Cryptojacking is the practice of using a computer’s processing power to mine for cryptocurrencies without the owner’s consent or knowledge. The McAfee statistic of over 4000 percent specifically refers to total instances of a cryptojacking malware, referred to in the study as “coin miner.”
The report extends to a range of new crypto mining malware threat vectors, which notably include a spike in new malware targeting Internet of Things (IoT) devices:
“New [mining] malware targeting IoT devices grew 72%, with total malware growing 203% in the last four quarters. New coinmining malware grew nearly 55%, with total malware growing 4,467% in the last four quarters.”
As the report notes, the rise in IoT-targeting threats is somewhat surprising, given the low CPU processing power of the devices. Yet, the report continues, “cybercriminals have taken notice of the growing volume and lax security of many IoT devices and have begun to focus on them, harnessing thousands of devices to create a mining super-computer.”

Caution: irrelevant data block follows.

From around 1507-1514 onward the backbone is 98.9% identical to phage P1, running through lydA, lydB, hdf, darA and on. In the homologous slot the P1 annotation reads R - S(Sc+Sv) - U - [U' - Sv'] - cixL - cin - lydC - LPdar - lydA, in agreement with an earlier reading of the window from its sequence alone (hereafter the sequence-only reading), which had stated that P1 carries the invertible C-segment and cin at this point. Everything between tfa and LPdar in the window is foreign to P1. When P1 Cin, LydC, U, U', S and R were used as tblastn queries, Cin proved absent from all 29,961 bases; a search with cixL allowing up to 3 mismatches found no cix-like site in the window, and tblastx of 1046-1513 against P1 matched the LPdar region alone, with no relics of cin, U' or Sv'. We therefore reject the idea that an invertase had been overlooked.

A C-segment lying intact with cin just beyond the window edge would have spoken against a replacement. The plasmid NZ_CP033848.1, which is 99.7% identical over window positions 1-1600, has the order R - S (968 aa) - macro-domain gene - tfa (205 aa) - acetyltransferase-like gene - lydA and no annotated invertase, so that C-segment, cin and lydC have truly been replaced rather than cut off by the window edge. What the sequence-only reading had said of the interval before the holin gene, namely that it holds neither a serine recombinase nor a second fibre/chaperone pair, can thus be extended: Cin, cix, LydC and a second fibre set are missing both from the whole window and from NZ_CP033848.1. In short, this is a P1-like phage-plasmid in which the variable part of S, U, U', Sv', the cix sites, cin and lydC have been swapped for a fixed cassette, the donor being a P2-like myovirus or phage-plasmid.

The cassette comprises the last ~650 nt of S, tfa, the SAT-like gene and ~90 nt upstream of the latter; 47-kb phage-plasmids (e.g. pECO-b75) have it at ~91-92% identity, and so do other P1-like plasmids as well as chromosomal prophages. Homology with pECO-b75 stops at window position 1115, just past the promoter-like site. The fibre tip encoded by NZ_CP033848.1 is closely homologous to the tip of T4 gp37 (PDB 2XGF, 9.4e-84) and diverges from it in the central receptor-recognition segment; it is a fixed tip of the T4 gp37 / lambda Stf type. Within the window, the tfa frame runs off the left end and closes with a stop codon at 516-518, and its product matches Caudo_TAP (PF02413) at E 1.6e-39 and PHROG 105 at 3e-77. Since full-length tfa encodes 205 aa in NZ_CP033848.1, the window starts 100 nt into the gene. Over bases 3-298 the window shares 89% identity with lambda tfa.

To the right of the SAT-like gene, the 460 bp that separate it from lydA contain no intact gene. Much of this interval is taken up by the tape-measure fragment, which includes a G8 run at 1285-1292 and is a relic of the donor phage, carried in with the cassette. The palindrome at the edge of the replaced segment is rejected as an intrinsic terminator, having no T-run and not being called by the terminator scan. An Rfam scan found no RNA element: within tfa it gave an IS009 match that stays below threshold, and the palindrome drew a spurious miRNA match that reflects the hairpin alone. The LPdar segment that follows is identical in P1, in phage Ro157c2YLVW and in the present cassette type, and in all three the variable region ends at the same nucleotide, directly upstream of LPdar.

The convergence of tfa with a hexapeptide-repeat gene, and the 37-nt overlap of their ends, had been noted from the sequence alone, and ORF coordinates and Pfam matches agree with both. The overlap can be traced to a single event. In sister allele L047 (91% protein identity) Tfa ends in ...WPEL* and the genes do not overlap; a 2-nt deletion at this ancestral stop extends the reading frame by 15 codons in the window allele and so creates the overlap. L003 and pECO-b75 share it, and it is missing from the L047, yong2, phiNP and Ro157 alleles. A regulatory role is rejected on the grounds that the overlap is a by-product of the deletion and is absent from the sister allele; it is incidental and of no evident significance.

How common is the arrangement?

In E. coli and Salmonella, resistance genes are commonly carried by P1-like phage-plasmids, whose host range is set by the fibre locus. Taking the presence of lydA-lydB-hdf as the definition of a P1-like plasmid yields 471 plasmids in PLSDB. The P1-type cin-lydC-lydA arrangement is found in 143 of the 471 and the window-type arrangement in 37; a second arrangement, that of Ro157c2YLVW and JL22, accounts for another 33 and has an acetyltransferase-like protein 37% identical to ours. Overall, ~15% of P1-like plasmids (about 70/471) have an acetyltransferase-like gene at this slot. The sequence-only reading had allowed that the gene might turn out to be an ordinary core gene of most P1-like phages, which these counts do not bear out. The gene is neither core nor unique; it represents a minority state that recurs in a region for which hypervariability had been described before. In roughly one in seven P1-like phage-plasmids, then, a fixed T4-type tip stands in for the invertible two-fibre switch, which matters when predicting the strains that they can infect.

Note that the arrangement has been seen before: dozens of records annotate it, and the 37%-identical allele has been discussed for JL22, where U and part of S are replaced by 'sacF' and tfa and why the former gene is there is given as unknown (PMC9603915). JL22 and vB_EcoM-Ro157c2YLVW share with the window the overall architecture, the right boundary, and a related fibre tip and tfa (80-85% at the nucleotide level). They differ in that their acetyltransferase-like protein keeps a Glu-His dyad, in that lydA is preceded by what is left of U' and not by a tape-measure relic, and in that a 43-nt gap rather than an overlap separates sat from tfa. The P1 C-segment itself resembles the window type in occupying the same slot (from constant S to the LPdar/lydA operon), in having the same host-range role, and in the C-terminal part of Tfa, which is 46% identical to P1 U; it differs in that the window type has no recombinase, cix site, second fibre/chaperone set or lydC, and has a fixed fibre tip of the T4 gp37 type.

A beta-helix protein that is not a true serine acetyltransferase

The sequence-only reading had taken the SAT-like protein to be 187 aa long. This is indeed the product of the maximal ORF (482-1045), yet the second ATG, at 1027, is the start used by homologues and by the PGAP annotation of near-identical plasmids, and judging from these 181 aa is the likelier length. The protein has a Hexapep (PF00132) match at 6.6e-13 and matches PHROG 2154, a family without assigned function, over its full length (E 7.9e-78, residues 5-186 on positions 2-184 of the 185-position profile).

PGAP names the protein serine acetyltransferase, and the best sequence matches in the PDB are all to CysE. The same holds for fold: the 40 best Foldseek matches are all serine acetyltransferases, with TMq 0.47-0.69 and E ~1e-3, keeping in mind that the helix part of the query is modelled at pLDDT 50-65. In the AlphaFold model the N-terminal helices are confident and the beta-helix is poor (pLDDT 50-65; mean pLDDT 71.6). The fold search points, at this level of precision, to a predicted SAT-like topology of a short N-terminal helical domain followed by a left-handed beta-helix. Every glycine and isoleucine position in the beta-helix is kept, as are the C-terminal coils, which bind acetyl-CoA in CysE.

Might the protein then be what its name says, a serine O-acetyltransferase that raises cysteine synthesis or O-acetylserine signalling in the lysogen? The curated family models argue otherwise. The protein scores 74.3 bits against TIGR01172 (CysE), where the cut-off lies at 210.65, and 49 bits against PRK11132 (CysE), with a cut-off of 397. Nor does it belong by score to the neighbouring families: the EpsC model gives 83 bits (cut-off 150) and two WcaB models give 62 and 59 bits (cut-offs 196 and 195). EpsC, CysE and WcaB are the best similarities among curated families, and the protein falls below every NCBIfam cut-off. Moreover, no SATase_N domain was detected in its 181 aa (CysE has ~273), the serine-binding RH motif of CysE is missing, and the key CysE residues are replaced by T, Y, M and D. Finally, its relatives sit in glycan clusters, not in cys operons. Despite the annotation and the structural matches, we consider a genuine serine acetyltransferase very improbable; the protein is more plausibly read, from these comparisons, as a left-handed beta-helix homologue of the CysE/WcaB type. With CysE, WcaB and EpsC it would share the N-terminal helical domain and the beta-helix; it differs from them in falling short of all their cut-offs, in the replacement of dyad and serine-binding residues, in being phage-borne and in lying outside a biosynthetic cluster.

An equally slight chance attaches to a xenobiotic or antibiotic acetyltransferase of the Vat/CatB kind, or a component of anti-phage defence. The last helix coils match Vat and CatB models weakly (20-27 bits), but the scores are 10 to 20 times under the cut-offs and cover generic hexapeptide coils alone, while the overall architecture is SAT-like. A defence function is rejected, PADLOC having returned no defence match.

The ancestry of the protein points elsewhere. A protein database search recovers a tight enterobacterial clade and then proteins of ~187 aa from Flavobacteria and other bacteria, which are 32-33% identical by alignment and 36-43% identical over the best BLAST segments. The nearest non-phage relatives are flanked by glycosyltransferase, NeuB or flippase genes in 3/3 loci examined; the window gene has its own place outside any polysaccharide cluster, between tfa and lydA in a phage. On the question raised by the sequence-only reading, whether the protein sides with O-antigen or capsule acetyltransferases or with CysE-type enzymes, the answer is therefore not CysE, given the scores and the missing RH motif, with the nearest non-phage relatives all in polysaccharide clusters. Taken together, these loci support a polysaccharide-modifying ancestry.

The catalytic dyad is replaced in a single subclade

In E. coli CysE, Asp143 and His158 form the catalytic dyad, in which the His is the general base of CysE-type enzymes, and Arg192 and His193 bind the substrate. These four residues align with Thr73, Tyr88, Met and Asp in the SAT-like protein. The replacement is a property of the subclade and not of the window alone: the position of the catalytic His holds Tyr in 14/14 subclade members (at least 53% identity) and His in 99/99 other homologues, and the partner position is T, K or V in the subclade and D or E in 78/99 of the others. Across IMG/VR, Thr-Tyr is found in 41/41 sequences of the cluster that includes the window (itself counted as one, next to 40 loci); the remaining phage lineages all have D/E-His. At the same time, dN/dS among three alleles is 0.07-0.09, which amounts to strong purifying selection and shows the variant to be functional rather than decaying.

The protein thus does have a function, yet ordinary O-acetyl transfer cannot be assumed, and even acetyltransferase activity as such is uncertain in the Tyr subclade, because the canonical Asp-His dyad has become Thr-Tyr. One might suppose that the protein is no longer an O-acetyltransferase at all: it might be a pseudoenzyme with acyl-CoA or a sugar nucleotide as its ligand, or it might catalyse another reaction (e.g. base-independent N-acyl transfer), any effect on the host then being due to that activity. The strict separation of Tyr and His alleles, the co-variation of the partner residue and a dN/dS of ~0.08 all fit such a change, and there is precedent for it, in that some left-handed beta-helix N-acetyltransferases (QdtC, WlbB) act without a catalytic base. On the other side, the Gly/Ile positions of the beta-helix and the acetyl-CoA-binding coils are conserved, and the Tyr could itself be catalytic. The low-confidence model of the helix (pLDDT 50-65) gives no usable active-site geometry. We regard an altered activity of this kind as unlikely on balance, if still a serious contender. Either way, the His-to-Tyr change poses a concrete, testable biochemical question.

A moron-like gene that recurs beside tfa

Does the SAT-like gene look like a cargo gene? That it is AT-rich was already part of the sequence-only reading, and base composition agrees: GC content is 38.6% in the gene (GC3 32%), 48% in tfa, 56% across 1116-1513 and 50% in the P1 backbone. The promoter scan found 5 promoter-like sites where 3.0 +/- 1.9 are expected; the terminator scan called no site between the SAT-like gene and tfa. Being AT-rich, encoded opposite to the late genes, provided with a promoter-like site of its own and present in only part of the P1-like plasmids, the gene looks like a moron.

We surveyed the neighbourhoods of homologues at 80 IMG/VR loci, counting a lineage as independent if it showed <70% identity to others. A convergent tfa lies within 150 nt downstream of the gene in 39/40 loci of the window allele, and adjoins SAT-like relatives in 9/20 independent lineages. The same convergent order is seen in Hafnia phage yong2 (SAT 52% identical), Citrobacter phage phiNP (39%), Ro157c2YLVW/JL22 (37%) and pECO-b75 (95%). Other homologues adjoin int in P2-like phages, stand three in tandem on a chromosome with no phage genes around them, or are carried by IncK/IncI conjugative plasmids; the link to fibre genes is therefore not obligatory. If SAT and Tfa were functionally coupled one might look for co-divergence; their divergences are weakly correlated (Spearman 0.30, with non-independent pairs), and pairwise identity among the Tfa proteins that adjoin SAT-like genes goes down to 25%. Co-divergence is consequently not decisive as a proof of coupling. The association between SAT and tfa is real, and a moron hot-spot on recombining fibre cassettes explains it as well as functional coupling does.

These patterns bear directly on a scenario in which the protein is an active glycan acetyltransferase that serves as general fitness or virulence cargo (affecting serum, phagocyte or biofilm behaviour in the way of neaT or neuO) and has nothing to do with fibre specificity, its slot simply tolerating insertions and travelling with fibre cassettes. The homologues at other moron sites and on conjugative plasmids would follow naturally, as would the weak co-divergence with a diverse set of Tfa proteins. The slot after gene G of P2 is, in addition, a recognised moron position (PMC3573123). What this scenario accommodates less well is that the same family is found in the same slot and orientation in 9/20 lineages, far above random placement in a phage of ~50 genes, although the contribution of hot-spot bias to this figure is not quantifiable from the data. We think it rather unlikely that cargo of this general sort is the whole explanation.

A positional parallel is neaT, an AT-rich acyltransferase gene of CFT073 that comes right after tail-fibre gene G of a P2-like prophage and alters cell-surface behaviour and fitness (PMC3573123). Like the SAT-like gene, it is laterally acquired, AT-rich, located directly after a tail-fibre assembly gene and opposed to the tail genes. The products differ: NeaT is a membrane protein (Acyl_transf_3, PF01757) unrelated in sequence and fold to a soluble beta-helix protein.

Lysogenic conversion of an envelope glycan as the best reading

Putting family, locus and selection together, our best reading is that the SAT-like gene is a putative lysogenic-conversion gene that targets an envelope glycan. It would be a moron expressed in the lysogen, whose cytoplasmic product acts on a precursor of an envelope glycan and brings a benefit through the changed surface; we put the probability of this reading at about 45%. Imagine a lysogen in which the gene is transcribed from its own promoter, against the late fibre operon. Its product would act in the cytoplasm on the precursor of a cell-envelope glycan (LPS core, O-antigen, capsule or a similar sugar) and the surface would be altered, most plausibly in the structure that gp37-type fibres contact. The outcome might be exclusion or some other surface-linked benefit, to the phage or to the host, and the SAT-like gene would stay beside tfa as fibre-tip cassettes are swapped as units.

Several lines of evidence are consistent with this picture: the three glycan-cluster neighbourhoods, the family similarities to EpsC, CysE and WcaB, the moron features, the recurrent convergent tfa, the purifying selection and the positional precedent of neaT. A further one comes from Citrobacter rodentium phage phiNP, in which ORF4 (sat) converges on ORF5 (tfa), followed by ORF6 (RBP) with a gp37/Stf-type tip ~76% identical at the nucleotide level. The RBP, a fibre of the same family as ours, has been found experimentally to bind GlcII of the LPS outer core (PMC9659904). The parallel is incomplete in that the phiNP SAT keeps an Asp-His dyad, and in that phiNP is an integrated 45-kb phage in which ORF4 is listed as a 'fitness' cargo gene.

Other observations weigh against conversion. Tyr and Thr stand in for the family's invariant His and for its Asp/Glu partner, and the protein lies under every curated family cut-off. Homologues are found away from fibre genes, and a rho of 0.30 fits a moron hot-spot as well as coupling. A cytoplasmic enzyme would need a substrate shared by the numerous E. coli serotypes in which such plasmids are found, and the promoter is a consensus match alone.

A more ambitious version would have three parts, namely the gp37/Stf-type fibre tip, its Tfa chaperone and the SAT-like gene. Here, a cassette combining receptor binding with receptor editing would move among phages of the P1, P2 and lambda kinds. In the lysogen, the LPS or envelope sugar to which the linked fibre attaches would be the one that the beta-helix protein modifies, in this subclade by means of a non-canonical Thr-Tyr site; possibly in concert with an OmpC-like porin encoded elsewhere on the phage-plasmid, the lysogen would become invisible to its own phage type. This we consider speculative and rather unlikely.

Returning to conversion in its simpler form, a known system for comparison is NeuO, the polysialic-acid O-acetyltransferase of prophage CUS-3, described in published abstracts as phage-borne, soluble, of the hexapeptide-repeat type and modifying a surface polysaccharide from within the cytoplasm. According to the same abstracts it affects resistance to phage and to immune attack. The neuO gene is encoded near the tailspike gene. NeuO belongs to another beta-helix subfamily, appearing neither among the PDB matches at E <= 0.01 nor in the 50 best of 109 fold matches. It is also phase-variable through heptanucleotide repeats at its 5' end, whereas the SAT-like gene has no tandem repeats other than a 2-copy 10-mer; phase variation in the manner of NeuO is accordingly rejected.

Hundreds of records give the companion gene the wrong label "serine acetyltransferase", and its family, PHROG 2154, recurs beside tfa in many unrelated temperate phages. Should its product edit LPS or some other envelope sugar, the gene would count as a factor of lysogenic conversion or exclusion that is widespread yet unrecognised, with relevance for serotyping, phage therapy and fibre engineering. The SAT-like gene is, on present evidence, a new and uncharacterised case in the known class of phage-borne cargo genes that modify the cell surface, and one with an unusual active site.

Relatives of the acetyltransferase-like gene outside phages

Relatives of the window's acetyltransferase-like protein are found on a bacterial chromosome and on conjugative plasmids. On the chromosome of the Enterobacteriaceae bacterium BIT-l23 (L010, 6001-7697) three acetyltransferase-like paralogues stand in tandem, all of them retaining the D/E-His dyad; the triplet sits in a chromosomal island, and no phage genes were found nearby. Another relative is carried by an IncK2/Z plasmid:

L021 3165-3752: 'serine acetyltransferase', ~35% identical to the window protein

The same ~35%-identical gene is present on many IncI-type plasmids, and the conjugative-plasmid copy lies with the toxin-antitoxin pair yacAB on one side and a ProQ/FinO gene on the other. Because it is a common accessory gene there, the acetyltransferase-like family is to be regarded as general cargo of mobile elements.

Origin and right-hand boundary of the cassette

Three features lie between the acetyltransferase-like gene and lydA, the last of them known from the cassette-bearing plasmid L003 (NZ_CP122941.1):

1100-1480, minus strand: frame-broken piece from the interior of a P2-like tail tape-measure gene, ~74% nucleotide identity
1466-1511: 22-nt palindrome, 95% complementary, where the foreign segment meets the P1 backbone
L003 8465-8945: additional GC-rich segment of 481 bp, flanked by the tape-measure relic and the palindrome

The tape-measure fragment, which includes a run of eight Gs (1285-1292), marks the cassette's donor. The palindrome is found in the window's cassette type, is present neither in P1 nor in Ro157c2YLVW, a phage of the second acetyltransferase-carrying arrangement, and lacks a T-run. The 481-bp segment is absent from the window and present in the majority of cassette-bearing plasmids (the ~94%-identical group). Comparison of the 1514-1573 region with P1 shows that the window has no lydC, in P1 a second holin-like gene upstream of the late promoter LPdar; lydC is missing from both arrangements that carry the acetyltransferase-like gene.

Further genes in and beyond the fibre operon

Remco Verhoef, a security researcher at McAfee, also outlined the workings of a MacOS crypto mining malware threat — later dubbed OSX.Dummy — which was distributed on mining chat groups. The threat actor reportedly suggested to users on Slack, Telegram and Discord channels that they download software “to fix crypto problems.” This software — which is in fact fake — then “executes with a single line in Bash”:
“The users essentially infected their own devices instead of falling victim to an unknown exploit or an exploit kit. In execution, OSX.Dummy opens a reverse shell on a malicious server, giving an attacker access to the compromised system.”
An earlier report from McAfee Labs had already indicated that cryptojacking rose by a staggering 629 percent in the first quarter of 2018 alone. This month, research from cyber security research firm Kaspersky Lab revealed that cryptojacking has overtaken ransomware as the top cybersecurity threat in some parts of the world.